About the author: Tim Rowland is an award-winning columnist at Herald-Mail Media in Hagerstown, Maryland. He has written for numerous history and outdoor magazines and news syndicates nationwide. He has also authored several books, most recently Strange and Obscure Stories of the Civil War.
This fabulous little post on writing about animals gives a glimpse of what the book has to offer. Make sure you read this, along with the book review and buy yourself a copy right now!
Writing and writing about animals are two different things. I say this because in traditional writing it is the author who must initiate the creative process and drive the text. When writing about animals, the author is free to disengage and allow the critter to dictate the terms.
For example, as I write this, or try to, there is a diminutive, six pound Siamese who has developed a fascination with the electronic letters and darting cursor that appear on the computer screen. And she has come to the conclusion that they need to be killed.
Strangely, this does not contribute to my near-term writing efficiency, although it does solve the long-term problem of what to write about. Writers make deals with the devil all the time, and if no devil is handy a cat will make a plausible facsimile.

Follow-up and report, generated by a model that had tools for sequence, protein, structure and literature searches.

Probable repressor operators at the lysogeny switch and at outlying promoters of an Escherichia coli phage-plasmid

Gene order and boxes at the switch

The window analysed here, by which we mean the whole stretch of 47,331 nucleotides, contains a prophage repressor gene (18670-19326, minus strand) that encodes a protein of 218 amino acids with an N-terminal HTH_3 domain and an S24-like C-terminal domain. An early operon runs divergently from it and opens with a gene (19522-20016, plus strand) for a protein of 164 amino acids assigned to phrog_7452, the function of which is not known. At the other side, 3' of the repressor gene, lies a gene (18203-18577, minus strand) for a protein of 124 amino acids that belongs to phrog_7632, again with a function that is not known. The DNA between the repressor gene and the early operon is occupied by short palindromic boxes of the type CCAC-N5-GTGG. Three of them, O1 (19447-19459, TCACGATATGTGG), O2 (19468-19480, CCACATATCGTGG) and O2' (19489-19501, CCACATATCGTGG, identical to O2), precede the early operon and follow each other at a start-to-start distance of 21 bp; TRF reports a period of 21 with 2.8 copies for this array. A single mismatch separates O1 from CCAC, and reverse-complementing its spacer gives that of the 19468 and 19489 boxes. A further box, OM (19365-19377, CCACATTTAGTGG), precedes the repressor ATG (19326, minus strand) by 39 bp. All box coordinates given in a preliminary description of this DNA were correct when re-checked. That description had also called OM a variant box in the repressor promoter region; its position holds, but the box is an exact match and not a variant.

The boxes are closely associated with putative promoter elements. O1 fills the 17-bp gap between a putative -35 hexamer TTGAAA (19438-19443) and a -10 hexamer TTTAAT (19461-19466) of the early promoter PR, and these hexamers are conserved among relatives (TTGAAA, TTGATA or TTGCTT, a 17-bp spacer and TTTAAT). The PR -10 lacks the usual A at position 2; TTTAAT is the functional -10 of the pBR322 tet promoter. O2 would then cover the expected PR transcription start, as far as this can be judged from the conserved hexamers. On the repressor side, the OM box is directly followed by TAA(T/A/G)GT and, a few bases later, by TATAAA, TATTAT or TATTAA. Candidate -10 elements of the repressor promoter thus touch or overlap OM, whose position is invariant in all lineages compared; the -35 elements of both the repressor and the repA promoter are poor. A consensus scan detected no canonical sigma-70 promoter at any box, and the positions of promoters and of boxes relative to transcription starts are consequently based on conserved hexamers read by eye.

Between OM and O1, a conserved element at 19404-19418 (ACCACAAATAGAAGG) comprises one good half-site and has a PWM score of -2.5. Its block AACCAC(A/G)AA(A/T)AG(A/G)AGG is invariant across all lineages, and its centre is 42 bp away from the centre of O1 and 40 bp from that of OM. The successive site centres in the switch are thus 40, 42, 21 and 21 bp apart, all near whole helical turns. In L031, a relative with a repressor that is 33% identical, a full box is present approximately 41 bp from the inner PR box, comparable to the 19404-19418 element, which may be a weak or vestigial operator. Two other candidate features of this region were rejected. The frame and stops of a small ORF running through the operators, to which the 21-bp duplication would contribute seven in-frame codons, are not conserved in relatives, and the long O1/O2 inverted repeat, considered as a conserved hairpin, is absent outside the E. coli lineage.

The only equal to a cat in terms of seeking publicity is a goat. To a goat, acting out is sport, a way to grab attention and pass the time. That’s another love-hate situation for a writer, who wags his finger sternly at the bad behavior before going inside and putting it into print. So when a goat, for example, walks up to a section of fence I am repairing, reaches up and knocks a hammer off of a fence post just for spite with that “what are you going to do about it” look, it is simultaneously maddening and profitable.
Most other animals are entertaining not by choice, but by circumstance. A cow, for example, may blunder her way into an entertaining situation, although she clearly does not realize she has done anything funny. A couple of years ago, I brought a young bull to our hobby farm to service the ladies, but he made a poor effort of it. The youngster kept trying to mount the wrong end of the cow and it wasn’t long before the cows decided they wanted no children out of a male that stupid. I told the bull not to feel bad, I’d been in that situation myself.
I am convinced, however, that most animals have senses of humor. Every equestrian has been the butt of a horse joke at one time or another. To illustrate, horses will stand at the far end of the pasture and refuse to come when called. Se we will walk all the way across the pasture to get them, at which point they will gallop past us and stand at the gate. They think this hilarious.
I don’t. But then again, as a writer I do have certain outlets that others do not. For on our homestead, no animal atrocity ever goes to waste.
Read more reviews and try your luck to win a copy on the Creatures Features Tour Page.